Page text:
ChatGPT’s New Rival: Google's Gemini
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For a while now, ChatGPT has been in the limelight. Everyone is talking about it, and a lot of people are using it, what could possibly go wrong?

Google has always aimed to maintain its reputation of being an AI-first company, and so far they have been doing well. However, in the last year, it’s clear to say that OpenAI has been taking the lead with ChatGPT, and it was only a matter of time before Google came in to try to take the lead again. 

CEO Sundar Pichai stated that:

One of the reasons we got interested in AI from the very beginning is that we always viewed our mission as a timeless mission.


Introducing Gemini from Google. 

If you haven’t already had the chance to look at the trailer, I’d prompt you to watch it here



Gemini is Google’s largest language model, which CEO Pichai initially first tested at a conference in June, and is now officially launching to the public. So what is so great about Gemini and why does it have ChatGPT shaking in its boots?

Gemini is not just a single AI model. It comes in different variations to meet different demands. For example, you have the lighter version called Gemini Nano which is compatible to run on Android devices. You also have Gemini Pro which is using the backbone of Barb and will be used to power a lot of Google AI services. 

But it doesn’t end there. You also have Gemini Ultra, which is Google’s most capable model and most powerful LLM yet. Gemini Ultra seems to be specifically designed for data centers and enterprise applications in particular. 

A quick breakdown:

  • Gemini Ultra – largest and most capable model for highly complex tasks.
  • Gemini Pro – best model for scaling across a wide range of tasks.
  • Gemini Nano – most efficient model for on-device tasks.

This 3 variant family of large language models has been built to understand and operate across different types of information. The LLM can handle different types of information such as text, code, images, audio and videos. Multimodality at its finest.

So how good is it?



Google has been putting in a lot of work to test the Gemini models to ensure that they fit requirements and have been rigorously evaluated on a variety of tasks. It is said that Google’s Gemini Ultra exceeded current state-of-the-art results on 30 of the 32 widely-used academic benchmarks used in LLM research, with a whopping score of 90.0%.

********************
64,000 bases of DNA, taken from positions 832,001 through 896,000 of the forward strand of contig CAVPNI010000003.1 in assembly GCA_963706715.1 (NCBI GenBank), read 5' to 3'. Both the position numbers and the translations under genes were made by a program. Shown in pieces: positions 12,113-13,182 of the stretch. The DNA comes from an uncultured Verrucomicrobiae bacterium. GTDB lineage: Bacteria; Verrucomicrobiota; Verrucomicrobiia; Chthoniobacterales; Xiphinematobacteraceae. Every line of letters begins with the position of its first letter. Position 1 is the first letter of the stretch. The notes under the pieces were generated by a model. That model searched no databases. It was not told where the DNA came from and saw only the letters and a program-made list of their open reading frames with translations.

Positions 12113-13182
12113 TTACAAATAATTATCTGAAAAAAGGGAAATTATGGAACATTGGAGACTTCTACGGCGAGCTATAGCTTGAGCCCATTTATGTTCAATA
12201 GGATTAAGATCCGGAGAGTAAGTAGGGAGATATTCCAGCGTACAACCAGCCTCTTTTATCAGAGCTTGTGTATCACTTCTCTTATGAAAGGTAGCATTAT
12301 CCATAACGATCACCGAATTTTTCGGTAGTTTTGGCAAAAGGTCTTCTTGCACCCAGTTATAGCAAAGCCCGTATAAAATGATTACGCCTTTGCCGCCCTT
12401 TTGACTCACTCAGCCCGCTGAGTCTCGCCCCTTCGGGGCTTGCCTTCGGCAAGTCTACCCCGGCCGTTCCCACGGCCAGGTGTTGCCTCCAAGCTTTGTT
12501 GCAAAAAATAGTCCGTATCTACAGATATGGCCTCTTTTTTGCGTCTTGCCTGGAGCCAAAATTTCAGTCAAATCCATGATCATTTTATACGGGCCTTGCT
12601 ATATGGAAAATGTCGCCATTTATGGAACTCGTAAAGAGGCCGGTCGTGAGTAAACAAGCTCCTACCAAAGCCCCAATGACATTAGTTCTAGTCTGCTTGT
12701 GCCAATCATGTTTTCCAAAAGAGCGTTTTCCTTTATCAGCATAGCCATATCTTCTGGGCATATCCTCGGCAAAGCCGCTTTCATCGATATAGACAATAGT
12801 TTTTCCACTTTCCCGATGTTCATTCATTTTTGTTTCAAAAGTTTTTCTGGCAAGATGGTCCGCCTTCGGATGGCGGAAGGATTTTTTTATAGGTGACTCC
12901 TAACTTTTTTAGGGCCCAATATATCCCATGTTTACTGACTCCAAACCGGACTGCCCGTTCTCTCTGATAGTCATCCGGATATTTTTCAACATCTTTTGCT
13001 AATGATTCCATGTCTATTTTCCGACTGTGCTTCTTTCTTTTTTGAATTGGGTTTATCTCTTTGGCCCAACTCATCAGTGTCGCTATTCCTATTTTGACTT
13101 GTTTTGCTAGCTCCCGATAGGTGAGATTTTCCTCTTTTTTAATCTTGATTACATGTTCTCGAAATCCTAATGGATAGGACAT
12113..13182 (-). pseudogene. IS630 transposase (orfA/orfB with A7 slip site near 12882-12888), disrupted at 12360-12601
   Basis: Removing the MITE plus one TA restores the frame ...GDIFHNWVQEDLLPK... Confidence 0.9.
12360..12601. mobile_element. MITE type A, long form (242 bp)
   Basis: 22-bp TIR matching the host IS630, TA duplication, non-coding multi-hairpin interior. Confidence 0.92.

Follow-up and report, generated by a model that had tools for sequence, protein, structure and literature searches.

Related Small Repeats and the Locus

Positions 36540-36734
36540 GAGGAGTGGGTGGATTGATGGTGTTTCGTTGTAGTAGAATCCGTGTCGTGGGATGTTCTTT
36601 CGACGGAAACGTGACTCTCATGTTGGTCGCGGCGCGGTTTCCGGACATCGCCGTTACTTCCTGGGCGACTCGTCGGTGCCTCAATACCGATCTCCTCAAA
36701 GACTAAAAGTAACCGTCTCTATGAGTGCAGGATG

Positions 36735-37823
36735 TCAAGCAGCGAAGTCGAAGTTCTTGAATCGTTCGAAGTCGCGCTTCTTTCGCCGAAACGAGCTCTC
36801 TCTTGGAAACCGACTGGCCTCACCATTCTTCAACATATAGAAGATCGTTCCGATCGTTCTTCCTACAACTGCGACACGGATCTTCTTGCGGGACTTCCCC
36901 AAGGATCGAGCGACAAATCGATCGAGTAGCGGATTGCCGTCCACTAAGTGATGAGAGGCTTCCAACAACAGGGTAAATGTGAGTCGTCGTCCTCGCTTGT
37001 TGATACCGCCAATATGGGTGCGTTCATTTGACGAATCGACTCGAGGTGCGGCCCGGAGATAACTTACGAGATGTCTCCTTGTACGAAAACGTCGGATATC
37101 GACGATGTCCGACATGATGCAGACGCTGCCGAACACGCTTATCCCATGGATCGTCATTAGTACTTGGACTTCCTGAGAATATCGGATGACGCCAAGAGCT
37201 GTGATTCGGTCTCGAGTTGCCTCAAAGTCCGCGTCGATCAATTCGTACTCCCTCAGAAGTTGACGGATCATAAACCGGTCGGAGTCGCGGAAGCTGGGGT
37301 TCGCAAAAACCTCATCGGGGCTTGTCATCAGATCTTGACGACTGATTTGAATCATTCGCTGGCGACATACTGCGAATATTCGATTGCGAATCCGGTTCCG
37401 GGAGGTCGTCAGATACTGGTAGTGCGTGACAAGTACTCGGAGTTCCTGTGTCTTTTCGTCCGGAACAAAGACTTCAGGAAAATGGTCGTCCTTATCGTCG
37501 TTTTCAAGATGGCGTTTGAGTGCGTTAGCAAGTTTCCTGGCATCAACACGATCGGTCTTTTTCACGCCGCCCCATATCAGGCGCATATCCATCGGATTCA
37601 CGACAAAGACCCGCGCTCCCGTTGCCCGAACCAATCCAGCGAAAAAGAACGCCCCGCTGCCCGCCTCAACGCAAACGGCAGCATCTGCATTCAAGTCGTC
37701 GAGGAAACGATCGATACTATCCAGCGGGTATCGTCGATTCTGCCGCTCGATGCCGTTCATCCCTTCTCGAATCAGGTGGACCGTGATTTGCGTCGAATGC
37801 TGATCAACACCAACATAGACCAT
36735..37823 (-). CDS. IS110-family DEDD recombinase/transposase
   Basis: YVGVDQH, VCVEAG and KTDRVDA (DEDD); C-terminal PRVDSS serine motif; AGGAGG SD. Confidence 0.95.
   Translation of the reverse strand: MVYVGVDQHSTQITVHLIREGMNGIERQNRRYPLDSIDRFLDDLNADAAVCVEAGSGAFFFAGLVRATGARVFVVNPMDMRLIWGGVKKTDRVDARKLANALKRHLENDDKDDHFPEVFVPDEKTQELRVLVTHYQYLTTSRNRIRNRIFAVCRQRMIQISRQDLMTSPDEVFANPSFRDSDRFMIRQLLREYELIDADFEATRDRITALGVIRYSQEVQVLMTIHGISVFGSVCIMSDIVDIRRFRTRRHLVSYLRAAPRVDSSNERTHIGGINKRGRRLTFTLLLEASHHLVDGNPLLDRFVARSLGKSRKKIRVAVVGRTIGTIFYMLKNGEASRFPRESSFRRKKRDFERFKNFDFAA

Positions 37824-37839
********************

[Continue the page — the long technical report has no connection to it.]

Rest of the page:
ChatGPT’s New Rival: Google's Gemini
Image from Google Gemini


Gemini Ultra has shown to be the first model to outperform human experts on MMLU (massive multitask language understanding). MMLU combines 57 subjects which include math, history, law, medicine, physics and more to test world knowledge as well as problem-solving abilities. 

Looking into these benchmarks, we can see that the biggest advantage that Gemini has is its ability to understand and interact with videos and audio. 

We have seen OpenAI aim to achieve this with the creation of DALL-E and Whisper. However, Google went one step further with a multisensory model from the beginning. Google also mentioned the improvements in coding as it uses a new code-generating system called AlphaCode 2, which is said to perform 85% better than other coding competition participants.

With this being said, benchmarks are just benchmarks. We will be able to fully understand Gemini’s full capabilities when everyday users interact with it. 

If you would like to learn more about the capabilities of Gemini, watch this video:




For Pixel 8 Pro users, you may have already seen some new features such as the auto-summarisation feature in the Recorder app, and the Smart Reply part of the Gboard keyboard, thanks to Gemini Nano.

If you’re eager to try out Gemini Pro, you can do so now with Bard. Developers and enterprise customers will also be able to access Gemini Pro through Google Generative AI Studio or Vertex AI in Google Cloud from December 13th.

If you’re intrigued about Gemini Nano, you may have to wait a little bit longer as it will be available next year. 

It is good to note that Gemini is only currently available in English for now. More languages will be available as CEO Pichai stated that the company aims to integrate the model into Google’s search engine, ad products, the Chrome browser, and more.



This is looking like Google’s time to take back the crown and show us why they were at the forefront of AI innovation. What do you think will pop up next?

Nisha Arya is a Data Scientist and Freelance Technical Writer. She is particularly interested in providing Data Science career advice or tutorials and theory based knowledge around Data Science. She also wishes to explore the different ways Artificial Intelligence is/can benefit the longevity of human life. A keen learner, seeking to broaden her tech knowledge and writing skills, whilst helping guide others.

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